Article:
Place the 4T of oil in a non stick skillet. Heat until shimmering and add the onion. This seems like a lot of oil for one onion, but this becomes the oil base for the salad dressing. Soften the onion for a few minutes, taking care not to get any color onto it.
Once the onion is soft add the blood orange, kiwi, pickled ginger and juice. Turn heat off, and let the pan heat finish the job.
Add the 1T of oil to another skillet. Salt and pepper the scallops and immediately sear one side. This will take about 2 minutes (depends on thickness).
While the scallops are searing plate the spinach in rough mounds.
Turn the scallops over and sear for another minute or so. They want to be just cooked through. Too much and they become tough.
While the second side is searing, stir the onion/blood orange/kiwi mixture, and pour it over the spinach - essentially dressing the salad.
When the scallops are cooked, place them on the dressed spinach. Hit them with a little coarse sea salt and s drizzle of extra virgin olive oil.

Because of the citrus in the dressing, you want a wine that can cut through it a bit, and also contribute some citrus flavors of its own. I suggest an NZ Saufignon Blanc - Brancott from Marlborough would be a good choice, I think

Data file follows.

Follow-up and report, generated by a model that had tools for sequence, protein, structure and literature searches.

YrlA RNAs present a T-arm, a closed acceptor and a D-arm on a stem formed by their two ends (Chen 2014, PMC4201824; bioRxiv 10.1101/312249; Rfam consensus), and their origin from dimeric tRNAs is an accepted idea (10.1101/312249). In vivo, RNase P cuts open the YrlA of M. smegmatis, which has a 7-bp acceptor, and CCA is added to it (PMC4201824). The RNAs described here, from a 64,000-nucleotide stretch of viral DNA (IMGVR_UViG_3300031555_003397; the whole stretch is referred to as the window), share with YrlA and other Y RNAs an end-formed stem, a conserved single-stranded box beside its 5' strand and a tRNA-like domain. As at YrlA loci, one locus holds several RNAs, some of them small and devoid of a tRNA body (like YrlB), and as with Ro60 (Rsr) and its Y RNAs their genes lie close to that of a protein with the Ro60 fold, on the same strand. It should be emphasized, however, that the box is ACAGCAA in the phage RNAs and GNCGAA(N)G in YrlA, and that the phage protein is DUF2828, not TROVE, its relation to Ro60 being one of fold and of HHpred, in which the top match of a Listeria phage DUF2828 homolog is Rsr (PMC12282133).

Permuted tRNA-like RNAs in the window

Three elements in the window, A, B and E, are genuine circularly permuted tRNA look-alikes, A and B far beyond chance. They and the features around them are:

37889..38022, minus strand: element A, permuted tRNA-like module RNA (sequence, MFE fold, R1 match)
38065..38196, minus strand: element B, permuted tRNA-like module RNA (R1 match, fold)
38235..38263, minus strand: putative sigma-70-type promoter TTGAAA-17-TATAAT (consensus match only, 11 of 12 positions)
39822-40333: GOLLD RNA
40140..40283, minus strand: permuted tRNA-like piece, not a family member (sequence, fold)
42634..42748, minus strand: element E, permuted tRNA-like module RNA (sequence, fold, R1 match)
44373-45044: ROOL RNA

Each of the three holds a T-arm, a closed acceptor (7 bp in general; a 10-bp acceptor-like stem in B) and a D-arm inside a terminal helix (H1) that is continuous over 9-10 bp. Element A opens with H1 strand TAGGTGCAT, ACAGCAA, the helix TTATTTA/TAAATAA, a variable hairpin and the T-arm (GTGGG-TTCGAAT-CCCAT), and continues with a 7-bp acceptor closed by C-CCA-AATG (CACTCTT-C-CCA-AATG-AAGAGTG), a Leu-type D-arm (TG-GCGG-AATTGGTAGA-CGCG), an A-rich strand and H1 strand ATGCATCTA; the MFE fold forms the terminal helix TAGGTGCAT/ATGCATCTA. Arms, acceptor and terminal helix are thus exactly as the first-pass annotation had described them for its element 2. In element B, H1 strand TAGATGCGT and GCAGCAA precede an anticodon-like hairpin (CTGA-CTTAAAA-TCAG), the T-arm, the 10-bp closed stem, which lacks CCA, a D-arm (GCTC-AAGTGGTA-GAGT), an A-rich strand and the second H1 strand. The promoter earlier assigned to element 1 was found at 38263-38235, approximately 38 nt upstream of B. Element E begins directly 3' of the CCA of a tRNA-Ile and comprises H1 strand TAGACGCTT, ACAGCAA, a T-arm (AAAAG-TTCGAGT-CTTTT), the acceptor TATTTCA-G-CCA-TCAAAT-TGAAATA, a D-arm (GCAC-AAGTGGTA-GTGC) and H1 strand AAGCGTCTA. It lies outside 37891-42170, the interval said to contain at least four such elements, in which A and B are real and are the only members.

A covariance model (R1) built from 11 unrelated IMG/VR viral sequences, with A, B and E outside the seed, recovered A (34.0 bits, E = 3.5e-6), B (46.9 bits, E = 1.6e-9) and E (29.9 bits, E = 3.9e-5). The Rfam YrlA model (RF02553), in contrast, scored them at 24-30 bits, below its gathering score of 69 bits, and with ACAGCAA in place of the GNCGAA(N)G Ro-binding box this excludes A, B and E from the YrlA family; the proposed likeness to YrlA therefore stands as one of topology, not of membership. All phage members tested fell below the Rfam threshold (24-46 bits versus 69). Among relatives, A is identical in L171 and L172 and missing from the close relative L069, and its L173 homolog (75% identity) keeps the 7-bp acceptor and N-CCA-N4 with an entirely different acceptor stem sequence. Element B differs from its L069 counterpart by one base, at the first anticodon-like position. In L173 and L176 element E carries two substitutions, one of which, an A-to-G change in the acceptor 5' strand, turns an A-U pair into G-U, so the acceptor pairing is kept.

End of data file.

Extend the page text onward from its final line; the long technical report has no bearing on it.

Chicken in a pot

It seems like most of the major culinary styles do some kind of one dish, chicken based thick stew or soup. Chicken in a pot is our generic term for these. It is usually subtitled with a flavor profile. So we have "Chicken in  a pot - Mexican", "Chicken in a pot - North African", etc. I use the same essential technique, basically the same ingredients and adjust the flavoring, spicing, legumes and garnishes to adapt the basic dish to the style. This is not a dish of any great subteltly - it's job is to provide a warming dish for cold winter evenings. Because it is so "in your face", minor regional variations are not present. So, for example in today's version I have made no attempt to distinguish among the various North African cuisines - have just lumped them together into this single dish.
So, here are some of the key philosophies.

  • Use chicken thighs - they stand the longish cooking better than white meat

  • Make sure that the legumes you are using will get to the desired consistency in about 30 minutes

  • Use a sausage that matches the region (Mergez if yoiu can find it for North Africa, Chorizo for Mexican, etc.). Although, in a pinch a nice kielbasa can be used for everything!

  • Drain the fat early, and skim at the end

  • Make sure you sanitize the equipment that has been in contact with the raw chicken.

Apart from the chicken stock which was still defrosting, here is the collection of ingredients for this North African variety. The board on which the chicken thighs are laying is only used for raw meat, and will be sanitized in a bleach solution after use.

2T Vegetable oil